“The barometer indicated only five hundred metres of height, and the balloon, which had lost part of its gas … by … solar heat, was loose and flabby.”[4]

Ville d'Orléans over the sea

The Ville d’Orléans over the seas. Public domain.

There was no place to land the Ville d’Orléans as they were surrounded by the sea in every direction. Rolier then realized their only option to remain in the air was to stop the gas from escaping, but he could not easily reach the valve. In order to do so, Rolier had to climb onto Bezier’s shoulders and so he “hoisted himself into the cordage, and closed the valve by means of a cord carefully tightened.”[5]

As the balloon descended, they spotted a ship on the horizon, which signaled them by cannon fire. Believing their best chance was to drop the balloon near the ship and have the ship pick them up, they aimed towards the ship, but their descent was a “giddy velocity.” Instead of landing the Ville d’Orléans near the ship, they flew past it at a speed exceeding forty leagues an hour with their guide ropes dragging in the water. They had also lost height and were now just a few yards above the sea’s angry surface and “a moment later a heavy shake produced by a wave nearly upset [the balloon].”[6]

Roiler and Bezier tried to pull in the guide ropes to stabilize the balloon, but the wind was so furious the balloon leaned to one side. Then a wave broke over them, and to gain height, the aeronauts furiously threw out more ballast bags and then cut the cord that contained the heavy mailbags of 65 kilogrammes of letters. Without a moment to spare, the balloon suddenly ascended, but now relieved of its extra weight, the gas expanded, and, so, to stave off an explosion, Rolier once again had to reach the valve. This time he let the excess gas escape and in a matter of moments found they had “attained an altitude of 5200 metres”[7] and the Ville d’Orléans then plunged through a mist that became denser and denser as the balloon moved along.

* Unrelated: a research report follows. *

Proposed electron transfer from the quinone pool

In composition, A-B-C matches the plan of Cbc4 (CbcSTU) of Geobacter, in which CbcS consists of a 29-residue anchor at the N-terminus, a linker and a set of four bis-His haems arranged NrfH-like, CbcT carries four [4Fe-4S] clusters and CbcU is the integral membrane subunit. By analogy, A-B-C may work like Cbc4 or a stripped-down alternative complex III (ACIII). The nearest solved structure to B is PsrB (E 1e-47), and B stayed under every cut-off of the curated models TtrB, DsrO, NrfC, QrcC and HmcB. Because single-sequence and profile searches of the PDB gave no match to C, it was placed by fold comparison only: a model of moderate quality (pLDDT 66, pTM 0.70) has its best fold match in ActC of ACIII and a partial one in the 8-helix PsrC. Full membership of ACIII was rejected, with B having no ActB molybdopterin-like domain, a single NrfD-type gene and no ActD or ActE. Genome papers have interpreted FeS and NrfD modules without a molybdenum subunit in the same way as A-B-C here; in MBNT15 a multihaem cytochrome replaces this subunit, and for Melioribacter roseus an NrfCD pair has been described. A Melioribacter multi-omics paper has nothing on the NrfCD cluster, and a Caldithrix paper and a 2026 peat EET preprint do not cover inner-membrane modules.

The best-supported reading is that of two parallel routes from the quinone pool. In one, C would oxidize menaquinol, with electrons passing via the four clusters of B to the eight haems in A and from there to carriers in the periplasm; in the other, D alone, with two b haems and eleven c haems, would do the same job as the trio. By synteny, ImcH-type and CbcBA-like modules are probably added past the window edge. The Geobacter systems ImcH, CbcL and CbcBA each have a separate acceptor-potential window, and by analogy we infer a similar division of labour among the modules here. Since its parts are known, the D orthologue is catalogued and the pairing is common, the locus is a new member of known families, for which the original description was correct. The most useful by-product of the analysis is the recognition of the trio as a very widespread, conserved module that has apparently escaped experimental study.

Roiler soon realized there was another new problem. Because of the cold, the balloon was gradually losing gas, and to prevent this, he once again climbed onto Bezier’s shoulders and closed the valve. Soon the temperature became extremely cold, which then caused the balloon and its cords to be covered in frost. Even the “garments of the unfortunate voyagers were frozen; their faces and hair were covered with hoar-frost and they suffered an intense thirst from the rarefaction of the air.”[8] Moreover, they were unsure where they were and despite their best attempts to close the valve, the balloon continued to descend. Soon they saw black spots that then changed to green spots and then to fir trees. Realizing they were over land, they opened the valve, and the balloon landed by dashing against the ground and burying itself in snow.

Rolier leapt from the balloon, but when Bezier attempted to leap, he got tangled in some cords. With Roiler out of the Ville d’Orléans, the balloon began to rise. To keep it on the ground, Rolier quickly grabbed one of the bags containing the dispatches and hanging on to it, he ascended with the balloon as it continued to rise upward. Fortunately, Bezier was able to disentangle his leg and then both men jumped “from a height of fifteen or eighteen yards.”[9]

Ville d'Orléans floating away in Norway.

The balloon floating away in Norway. Public domain.